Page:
In centuries past, gout was termed “the disease of kings” because the condition was believed to be caused by overeating and indulging in alcohol excessively. Scientists later learned, however, that gout is a type of inflammatory arthritis that typically affects just one joint.
The big toe joint is frequently targeted by gout, for example, but it commonly occurs in the elbow, knee, and wrist joints as well.
You can go through asymptomatic periods of remission from gout, but when you have a flare, the pain can be excruciating. Though gout has no cure, there are treatments that mitigate pain and discomfort, as well as steps you can take to manage the condition.
As an internal medicine expert, Dr. Gurprit Sekhon and the team at Nu Wave Medical Center offer individualized and innovative treatment for gout. She seeks to be your partner in care and offers medical advice and treatment plans with sensitivity.
What are the causes of gout?
It’s understandable to have “Why me?” feelings if you have a gout attack, but what’s going on exactly? Technically, you’re suffering from hyperuricemia, which means there’s too much uric acid in your body. The purpose of uric acid is to break down purines, which are present in some foods.
Purines are chemical compounds that occur naturally in your body and also are present in food in varying amounts. When you ingest excessive amounts of purines in your food, a surplus of uric acid develops in your body. As uric acid sits in your body, it can crystallize and lead to gout, which is why lowering your consumption of high-purine foods can help with minimizing symptoms.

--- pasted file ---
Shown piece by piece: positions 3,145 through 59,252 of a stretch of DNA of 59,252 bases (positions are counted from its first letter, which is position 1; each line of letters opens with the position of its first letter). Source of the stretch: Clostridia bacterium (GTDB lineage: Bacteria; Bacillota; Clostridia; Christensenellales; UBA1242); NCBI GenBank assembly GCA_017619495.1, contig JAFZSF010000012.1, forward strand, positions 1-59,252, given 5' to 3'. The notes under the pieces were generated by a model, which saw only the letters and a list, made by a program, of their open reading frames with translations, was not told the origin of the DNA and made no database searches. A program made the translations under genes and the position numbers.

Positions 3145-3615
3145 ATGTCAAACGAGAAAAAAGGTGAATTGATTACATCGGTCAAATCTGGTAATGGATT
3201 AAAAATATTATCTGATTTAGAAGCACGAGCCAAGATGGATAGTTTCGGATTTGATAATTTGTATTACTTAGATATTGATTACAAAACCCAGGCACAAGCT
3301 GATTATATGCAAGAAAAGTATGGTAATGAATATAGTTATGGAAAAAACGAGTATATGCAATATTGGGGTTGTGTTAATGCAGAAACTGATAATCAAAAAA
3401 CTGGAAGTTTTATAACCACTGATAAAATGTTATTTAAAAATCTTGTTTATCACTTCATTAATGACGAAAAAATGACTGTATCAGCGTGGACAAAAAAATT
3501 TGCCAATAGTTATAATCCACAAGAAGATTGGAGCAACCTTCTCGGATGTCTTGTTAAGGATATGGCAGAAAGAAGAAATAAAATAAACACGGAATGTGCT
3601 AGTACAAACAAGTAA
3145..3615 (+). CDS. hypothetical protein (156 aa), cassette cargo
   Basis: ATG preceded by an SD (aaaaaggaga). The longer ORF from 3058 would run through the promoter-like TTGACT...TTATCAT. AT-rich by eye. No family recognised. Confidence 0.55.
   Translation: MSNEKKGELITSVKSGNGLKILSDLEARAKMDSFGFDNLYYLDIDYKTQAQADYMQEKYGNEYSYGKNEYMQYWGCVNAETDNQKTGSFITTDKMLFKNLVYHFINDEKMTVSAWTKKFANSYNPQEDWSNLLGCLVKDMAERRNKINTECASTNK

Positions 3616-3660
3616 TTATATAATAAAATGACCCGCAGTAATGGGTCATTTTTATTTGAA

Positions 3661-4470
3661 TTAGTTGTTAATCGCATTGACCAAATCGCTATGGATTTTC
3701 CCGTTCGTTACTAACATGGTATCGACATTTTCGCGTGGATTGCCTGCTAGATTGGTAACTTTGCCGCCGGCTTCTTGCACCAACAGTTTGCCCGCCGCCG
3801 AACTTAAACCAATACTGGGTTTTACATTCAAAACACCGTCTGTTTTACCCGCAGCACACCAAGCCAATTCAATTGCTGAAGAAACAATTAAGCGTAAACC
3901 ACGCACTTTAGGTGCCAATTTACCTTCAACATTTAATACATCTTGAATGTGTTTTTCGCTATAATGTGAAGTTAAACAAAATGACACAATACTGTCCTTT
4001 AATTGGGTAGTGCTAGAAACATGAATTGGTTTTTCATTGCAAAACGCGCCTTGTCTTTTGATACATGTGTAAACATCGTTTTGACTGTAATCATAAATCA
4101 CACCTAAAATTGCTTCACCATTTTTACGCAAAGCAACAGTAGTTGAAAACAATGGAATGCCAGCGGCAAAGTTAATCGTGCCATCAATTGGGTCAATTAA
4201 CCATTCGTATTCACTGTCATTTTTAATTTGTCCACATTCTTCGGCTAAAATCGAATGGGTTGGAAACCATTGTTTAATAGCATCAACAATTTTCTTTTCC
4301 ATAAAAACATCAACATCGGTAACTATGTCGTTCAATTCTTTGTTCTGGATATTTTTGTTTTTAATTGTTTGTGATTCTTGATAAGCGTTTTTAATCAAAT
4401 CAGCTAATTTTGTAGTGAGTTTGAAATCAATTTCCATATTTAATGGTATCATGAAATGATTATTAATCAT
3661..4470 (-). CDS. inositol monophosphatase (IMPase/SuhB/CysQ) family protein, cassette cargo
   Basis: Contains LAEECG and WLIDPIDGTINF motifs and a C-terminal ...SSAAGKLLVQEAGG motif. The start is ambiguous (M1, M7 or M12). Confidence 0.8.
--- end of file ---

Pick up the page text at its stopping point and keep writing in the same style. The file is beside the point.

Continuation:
What are the symptoms of gout?
As we mentioned, gout discomfort can be debilitating and cause these symptoms in your affected joint:
- Severe pain
- Extreme sensitivity
- Bad joint swelling
- Redness and a hot feeling in the affected area
- Significantly reduced ability to move your affected joint
Unfortunately, it’s also typical for gout pain to come on at night while you’re sleeping, and the pain of a gout flare usually lasts for a long 12 hours.
What raises my risk for gout?
A variety of factors make you more likely to suffer from gout:
- Being obese
- Living with health conditions like high blood pressure, diabetes, and low-functioning kidneys
- Engaging in excessive alcohol consumption
- Being male
- Consuming high-fructose (the sugar found in fruit) foods and beverages
- Taking diuretics, low-dose aspirin, and certain high blood pressure medications
- Eating a high-purine diet
- Having a family history of gout
As you can see, you can control some of these risk factors, while others you can’t. Dr. Sekhon helps you manage the risk factors that you have the power to alter as a preventive strategy for gout.
How can my gout be treated?
Dr. Sekhon treats gout by taking your detailed medical history, talking to you about your gout symptoms, and setting goals together to rid you of gout and prevent it from returning.
Fortunately, Dr. Sekhon has multiple treatments available to her to treat your gout. They include:
- Anti-inflammatory medications
- Prescription medications that lower uric acid production or help you eliminate uric acid from your body
- Lifestyle changes like medical weight loss, and lowering consumption of high-purine foods like certain seafood, red meat, and organ meat
- Eliminating diuretics
- Limiting alcohol, especially beer
- Physical therapy referral
Dr. Sekhon is committed to helping you treat your gout and preventing a flare before it starts!
Call the Nu Wave Medical Center office to schedule a consultation with Dr. Sekhon, or book one online.